The guns may be silent and an uneasy truce in place, but Russia and Georgia are continuing the public relations war, most recently levelling accusation and counter-accusation of destroying historical and cultural sites during their week-long conflict in August.
At the end of September Georgia issued a 26-page report detailing how Russian air attacks destroyed dozens of churches, monasteries, and museums. Among these are the 12th-century Ikorta Church, the 11th-century Bishop’s House in Nicosi, and a 7th-century monastery, also in Nicosi. Georgia appealed to Unesco to send a mission to Russian-occupied areas to better ascertain the situation regarding cultural sites. Located in the Caucasus mountain region on the border between Europe and Asia, Georgia has one of the most ancient cultures in the world, creating its own state in the 5th century BC. In the 4th century AD it became one of the first states to embrace Christianity, and therefore has many ancient churches and monasteries.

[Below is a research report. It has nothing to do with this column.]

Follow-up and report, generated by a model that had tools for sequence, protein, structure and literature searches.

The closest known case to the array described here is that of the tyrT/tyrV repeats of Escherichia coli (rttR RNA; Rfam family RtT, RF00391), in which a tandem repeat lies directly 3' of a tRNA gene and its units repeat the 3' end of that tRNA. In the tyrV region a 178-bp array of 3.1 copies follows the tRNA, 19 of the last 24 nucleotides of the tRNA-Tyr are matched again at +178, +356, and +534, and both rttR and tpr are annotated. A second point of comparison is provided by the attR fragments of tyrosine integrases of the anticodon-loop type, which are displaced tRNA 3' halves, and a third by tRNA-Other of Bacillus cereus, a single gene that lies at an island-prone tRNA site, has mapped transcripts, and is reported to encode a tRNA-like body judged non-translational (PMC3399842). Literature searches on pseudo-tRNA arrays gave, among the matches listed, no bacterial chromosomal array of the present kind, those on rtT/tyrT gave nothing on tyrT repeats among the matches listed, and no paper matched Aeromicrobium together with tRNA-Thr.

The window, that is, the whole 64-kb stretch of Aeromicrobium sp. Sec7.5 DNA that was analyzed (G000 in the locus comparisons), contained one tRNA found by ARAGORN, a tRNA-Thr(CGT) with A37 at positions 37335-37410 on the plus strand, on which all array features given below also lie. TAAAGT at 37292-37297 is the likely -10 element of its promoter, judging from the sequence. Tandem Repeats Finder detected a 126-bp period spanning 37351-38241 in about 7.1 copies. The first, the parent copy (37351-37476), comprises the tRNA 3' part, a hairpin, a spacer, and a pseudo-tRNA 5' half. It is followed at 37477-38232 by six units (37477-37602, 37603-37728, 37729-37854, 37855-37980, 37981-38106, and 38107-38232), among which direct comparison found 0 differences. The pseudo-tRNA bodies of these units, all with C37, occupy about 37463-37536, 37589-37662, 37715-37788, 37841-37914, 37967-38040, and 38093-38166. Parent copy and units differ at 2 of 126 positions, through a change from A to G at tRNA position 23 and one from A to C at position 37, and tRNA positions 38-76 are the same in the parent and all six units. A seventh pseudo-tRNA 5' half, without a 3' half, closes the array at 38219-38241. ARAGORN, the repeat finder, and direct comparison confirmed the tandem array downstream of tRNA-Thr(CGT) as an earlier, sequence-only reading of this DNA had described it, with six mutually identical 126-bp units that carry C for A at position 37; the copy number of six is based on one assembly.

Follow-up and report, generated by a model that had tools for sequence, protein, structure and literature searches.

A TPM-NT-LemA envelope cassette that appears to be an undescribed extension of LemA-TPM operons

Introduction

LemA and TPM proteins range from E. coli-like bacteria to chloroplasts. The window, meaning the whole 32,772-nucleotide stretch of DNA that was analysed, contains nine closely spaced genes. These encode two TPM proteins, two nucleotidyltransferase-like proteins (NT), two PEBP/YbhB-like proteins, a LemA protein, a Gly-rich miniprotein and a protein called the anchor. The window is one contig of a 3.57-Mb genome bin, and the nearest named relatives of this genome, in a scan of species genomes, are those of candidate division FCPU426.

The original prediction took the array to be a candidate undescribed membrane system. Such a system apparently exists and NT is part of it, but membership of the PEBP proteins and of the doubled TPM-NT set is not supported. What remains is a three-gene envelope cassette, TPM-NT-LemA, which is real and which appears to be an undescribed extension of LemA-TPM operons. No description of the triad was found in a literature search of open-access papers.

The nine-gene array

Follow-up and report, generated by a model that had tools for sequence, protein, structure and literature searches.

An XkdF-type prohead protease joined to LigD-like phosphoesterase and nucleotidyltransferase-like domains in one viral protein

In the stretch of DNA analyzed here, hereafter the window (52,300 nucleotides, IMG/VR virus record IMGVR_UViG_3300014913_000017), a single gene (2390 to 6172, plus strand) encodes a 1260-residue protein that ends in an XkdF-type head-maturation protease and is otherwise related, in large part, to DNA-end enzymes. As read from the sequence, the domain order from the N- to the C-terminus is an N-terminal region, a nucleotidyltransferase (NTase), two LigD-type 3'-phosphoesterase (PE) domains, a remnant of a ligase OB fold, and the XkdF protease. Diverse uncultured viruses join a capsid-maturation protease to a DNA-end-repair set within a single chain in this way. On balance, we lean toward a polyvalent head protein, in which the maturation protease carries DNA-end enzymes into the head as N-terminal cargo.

On 7 August Russia invaded Georgia, it said, to protect Russian citizens living in the dissident republic of South Ossetia, which Russia now recognises as independent. Russia says that Georgian troops damaged 11 cultural and historical sites in the local capital, Tskhinval. These include the 18th-century Birth of the Virgin Mary Church; a local synagogue; and buildings in the city’s historical district. Russia’s deputy foreign minister Alexander Yakovenko told journalists his country will raise the issue with Unesco.
Meanwhile, Georgia said it will close the Museum of Joseph Stalin in the city of Gori and reopen the building as the Museum of Russian Aggression.